Msgr. Dale Fushek was a star in the Catholic world. He was pastor of St. Timothy’s Catholic Church in Mesa, vicar general of the diocese of Phoenix, and founder of LifeTeen, a popular program for teenagers used by Catholic churches around the nation.
He’s been suspended from ministry for two years because of accusations of sexual abuse, for which he has been indicted and is awaiting trial. A civil suit was settled for $100,000.
He faces one count of assault, five counts of contributing to the delinquency of a minor and one count of indecent exposure. He is accused of engaging in sexually related discussions with teenagers during confessions and exposing himself to teens as he got into his hot tub.
A Phoenix newspaper has the latest, which is sure to shock many of his defenders: he’s started a “Praise and Worship Center.” He says it isn’t a church, that it is meant to supplement what people get in their churches. Another former priest, Mark Dippre, is working with him. Via Rod Dreher.
The “Praise and Worship Center” webpage has this FAQ:
8. Because of Rev. Dale’s legal situation, will children under 18 be able to attend?
Rev. Dale has carefully adhered to the current requirement of the Justice Court of having no contact with individuals less than 18 years of age. The justice of the peace has allowed him to attend church and to visit other public places where children may be present.
Update: The Diocese of Phoenix isn’t very concerned about Fushek’s actions.
“When he was put on administrative leave, he was told not to administer the sacraments and to not present himself as a priest,” Jim Dwyer, spokesman for the Catholic Diocese of Phoenix, said Friday. “If he is not violating that, we wouldn’t have to know specifically what he is doing.” …
“We heard about some of the promotional materials that were done, but we didn’t know if it was ever going to take place,” Dwyer said. “We made it clear to the Catholics at St. Timothy’s that it wouldn’t be (regarded as) an official Catholic service. But other than that, we have no control on what he does as a Catholic citizen.”
So, he can preach, he can lead worship, he can organize a new ministry–just so long as he doesn’t administer the sacraments or “present himself as a priest.” Even though he is a priest. And a very visible one. A priest with a following. A celebrity. An indicted celebrity. And the diocese has already settled claims with an accuser.
As his friend for over 30 years, and now as pastor of St. Tim’s, I say, with sadness, that I cannot, and do not, support him in this, and that the parish cannot and does not support him on this.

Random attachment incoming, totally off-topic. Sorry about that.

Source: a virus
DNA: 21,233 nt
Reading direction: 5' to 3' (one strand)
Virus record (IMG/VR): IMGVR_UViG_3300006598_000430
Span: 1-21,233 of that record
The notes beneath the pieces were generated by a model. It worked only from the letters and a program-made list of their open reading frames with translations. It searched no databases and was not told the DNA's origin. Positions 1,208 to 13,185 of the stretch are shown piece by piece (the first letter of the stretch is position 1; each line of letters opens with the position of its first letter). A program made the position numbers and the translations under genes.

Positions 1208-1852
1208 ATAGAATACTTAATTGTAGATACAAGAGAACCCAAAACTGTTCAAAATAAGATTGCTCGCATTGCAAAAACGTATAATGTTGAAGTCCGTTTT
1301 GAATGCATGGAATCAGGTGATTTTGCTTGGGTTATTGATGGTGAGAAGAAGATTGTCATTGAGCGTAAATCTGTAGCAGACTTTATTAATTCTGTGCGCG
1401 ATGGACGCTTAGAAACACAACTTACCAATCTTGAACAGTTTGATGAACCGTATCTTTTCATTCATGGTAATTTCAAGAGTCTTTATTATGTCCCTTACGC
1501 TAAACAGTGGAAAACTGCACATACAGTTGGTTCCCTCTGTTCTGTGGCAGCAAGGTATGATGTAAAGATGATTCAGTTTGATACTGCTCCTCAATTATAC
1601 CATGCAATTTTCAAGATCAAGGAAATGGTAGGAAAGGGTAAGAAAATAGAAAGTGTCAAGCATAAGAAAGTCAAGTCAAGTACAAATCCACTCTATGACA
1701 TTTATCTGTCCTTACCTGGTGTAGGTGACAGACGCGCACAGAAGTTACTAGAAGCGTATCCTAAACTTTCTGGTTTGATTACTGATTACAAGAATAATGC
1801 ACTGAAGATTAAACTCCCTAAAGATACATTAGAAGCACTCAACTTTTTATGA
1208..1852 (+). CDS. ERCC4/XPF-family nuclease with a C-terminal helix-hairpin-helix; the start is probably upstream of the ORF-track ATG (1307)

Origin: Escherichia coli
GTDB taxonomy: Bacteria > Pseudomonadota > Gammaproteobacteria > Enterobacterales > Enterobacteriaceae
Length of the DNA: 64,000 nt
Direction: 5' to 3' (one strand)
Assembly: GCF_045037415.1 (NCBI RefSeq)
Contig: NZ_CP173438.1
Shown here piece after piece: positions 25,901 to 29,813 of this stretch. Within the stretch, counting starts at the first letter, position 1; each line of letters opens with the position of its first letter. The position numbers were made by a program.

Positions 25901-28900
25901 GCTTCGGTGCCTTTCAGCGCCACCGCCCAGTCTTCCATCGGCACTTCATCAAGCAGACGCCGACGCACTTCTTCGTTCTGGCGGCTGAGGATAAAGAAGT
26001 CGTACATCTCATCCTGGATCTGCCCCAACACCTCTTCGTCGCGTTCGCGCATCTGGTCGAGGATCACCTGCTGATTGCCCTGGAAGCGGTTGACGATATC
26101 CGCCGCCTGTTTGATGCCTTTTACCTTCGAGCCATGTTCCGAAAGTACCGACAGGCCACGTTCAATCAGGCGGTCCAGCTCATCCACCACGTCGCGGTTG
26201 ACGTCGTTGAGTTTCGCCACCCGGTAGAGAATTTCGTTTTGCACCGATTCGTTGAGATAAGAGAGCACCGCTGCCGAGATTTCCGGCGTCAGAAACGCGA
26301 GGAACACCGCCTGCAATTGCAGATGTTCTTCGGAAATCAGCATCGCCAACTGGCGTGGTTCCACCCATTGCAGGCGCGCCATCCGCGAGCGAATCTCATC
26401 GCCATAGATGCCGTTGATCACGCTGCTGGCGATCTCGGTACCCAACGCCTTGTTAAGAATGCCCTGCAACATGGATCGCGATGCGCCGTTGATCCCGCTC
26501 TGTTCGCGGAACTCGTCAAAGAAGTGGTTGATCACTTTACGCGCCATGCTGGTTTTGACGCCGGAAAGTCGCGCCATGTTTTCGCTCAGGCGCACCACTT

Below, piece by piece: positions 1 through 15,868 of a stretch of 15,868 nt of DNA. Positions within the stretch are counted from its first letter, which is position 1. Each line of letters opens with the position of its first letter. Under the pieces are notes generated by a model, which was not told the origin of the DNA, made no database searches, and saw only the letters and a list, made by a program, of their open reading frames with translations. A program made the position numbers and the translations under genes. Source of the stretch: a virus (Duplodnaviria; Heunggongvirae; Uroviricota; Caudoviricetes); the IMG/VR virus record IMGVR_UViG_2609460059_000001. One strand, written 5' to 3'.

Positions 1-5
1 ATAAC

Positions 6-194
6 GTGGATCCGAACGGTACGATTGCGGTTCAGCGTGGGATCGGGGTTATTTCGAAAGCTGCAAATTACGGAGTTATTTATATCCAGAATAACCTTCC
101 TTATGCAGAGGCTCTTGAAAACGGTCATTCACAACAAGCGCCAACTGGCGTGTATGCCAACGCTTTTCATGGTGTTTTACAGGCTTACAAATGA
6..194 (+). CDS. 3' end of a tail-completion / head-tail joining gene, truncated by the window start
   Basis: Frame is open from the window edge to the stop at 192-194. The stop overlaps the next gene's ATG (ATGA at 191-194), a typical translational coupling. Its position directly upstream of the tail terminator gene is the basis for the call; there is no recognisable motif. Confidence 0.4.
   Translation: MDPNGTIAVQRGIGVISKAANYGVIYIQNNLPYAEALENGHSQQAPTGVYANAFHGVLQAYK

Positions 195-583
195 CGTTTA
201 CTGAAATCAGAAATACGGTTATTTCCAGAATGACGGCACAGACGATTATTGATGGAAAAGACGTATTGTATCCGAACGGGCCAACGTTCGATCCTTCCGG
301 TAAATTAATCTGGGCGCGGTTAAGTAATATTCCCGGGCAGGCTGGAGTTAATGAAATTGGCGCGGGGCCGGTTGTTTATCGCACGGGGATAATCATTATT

Update (11/28): Statement from the Diocese of Phoenix:
On Thanksgiving Day, November 22, 2007, Dale Fushek, a priest of the Diocese of Phoenix on administrative leave, conducted a praise and worship service that was in opposition to directives given to him to cease all public and sacred ministries. Mark Dippre, a priest who left public priestly ministry to enter into a civil marriage and is not a priest in good standing, also participated in the service. The service was not Catholic nor was it endorsed by the Catholic Church. We encourage the Catholic faithful to keep the Holy Mass, the ultimate form of praise and worship, as the center of their lives.
Update (8/28/2008): Fushek’s trial on sex charges will begin November 17.
Update (10/27/2009): I noticed this post still gets several hits each day, and was curious about the status of the trial. Well, they’ve been haggling for a year over whether he’d get one trial on all counts or separate trials. Judge ruled there was no “pattern” to his misconduct, and so each accusation gets treated separately. This bizarre ruling was upheld on appeal. He continues to do this thing at the Praise and Worship Center.
Update (2/18/2010): He was excommunicated in December 2008 for his actions with the Praise and Worship Center (not for sexual misconduct), and now has been laicized (removed from the priesthood) by Pope Benedict XVI (another story). His first criminal trial is set for April 30.
Update (8/11/2010): Once more I lost track of the case. In April 2010 Fushek pled guilty to a single count of misdemeanor assault. The other charges were dropped. He was sentenced to 364 days probation and fined $250. Fushek commented on it on his church’s webpage (scroll down to April 2010 posting).